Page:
Alex Cavendish with a piece from Prison UK: An Insider's View. Here he deconstructs the routine redtop depiction of prisoners. Alex Cavendish is an author and academic: a social anthropologist, former prisoner and an active participant in the debate surrounding crime, prisons and probation.
A post with this sort of title might seem strange, particularly over a weekend during which the Ministry of Justice (MOJ) has promised to introduce tougher penalties for prisoners who assault staff. Of course, as anyone who knows anything about prisons will be aware, this belated attempt to deal with the rising number of violent incidents inside our crisis-ridden jails is nothing more than a bit of window-dressing by embattled Justice Secretary Chris Grayling who is so completely out of his depth it is now a national source of embarrassment.
|Does he really give two hoots?|
The latest move won’t convince anybody – screw or con – that Mr Grayling really gives a damn about what is going on in our nicks while he is in charge. However, it does seem that the rising tsunami of public criticism – from just about every direction, including the Daily Telegraph – is goading him to act tough at a time when tensions inside our prisons are reaching boiling point, mainly as a direct consequence of his mismanagement.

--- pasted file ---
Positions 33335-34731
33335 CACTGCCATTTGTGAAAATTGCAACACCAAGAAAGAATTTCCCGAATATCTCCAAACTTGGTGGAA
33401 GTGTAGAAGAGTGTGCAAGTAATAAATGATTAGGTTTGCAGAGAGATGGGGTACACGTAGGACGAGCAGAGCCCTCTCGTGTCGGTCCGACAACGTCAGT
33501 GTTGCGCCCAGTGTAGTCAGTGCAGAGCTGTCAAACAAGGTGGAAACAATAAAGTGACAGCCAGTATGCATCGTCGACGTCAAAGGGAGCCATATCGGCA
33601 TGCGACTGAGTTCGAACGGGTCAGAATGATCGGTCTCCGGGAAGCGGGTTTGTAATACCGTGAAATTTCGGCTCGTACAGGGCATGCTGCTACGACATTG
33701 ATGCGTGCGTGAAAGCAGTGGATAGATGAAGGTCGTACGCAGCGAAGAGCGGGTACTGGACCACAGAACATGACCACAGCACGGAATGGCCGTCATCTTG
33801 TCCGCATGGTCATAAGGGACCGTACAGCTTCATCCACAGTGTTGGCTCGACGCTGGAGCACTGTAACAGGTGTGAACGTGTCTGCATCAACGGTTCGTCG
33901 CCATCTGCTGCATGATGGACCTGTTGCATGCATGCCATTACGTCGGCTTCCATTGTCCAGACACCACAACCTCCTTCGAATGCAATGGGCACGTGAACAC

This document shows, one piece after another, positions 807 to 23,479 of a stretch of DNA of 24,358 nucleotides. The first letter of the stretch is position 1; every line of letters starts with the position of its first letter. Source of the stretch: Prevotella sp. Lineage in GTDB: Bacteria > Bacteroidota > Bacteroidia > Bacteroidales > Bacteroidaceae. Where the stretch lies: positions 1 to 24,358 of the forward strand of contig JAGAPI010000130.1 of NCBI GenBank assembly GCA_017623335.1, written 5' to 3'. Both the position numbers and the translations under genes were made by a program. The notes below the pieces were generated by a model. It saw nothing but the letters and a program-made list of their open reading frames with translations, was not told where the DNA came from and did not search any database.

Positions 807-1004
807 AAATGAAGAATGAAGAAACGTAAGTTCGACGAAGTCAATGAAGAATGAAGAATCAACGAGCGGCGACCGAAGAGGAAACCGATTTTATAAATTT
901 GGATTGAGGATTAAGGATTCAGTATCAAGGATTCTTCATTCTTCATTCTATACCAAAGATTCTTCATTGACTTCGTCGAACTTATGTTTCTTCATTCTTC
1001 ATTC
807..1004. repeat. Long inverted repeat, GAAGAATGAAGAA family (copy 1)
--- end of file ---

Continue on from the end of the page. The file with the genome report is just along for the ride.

To be honest, prisons are full of people who tend to make bad choices (and not only the cons, for that matter). They also accommodate a fair number of men who have serious anger management problems. When current chronic frontline staff shortages result in such people being locked behind their doors for up to 23 hours a day, the result of cancelled work, education, gym sessions and even healthcare appointments, then it is unsurprising that volatile blokes kick off. I’m actually amazed it doesn’t happen more often.
Being fair, working as a screw isn’t a job I’d choose personally. It sometimes mystifies me why some of the decent officers I’ve got to know well have made what is a very strange career decision to spend their own working lives behind bars – often serving more time in the slammer than your average murderer. Of course, they do get to go home at the end of their shifts, but it’s still a pretty grim environment, especially at the moment when everyone’s morale is at rock bottom.
|Working behind bars|
I wouldn’t fancy telling some very large bloke with a very short fuse that he isn’t getting out of his pad (cell) because of staff shortages, or that his medical appointment has been cancelled at the last minute… or even – and this is the killer – that family visits have been called off. That’s usually when you hear the baying for blood and the sound of breaking glass on wings.
Funnily enough, some years ago when I was a university student one of my fellow ‘inmates’ was none other than our own Mike Spurr, currently the head of the dysfunctional National Offender Management Service (NOMS) which is supposed to be running our prison service. As the current crisis gathers pace, I sometimes wonder whether he ever regrets his choice of career.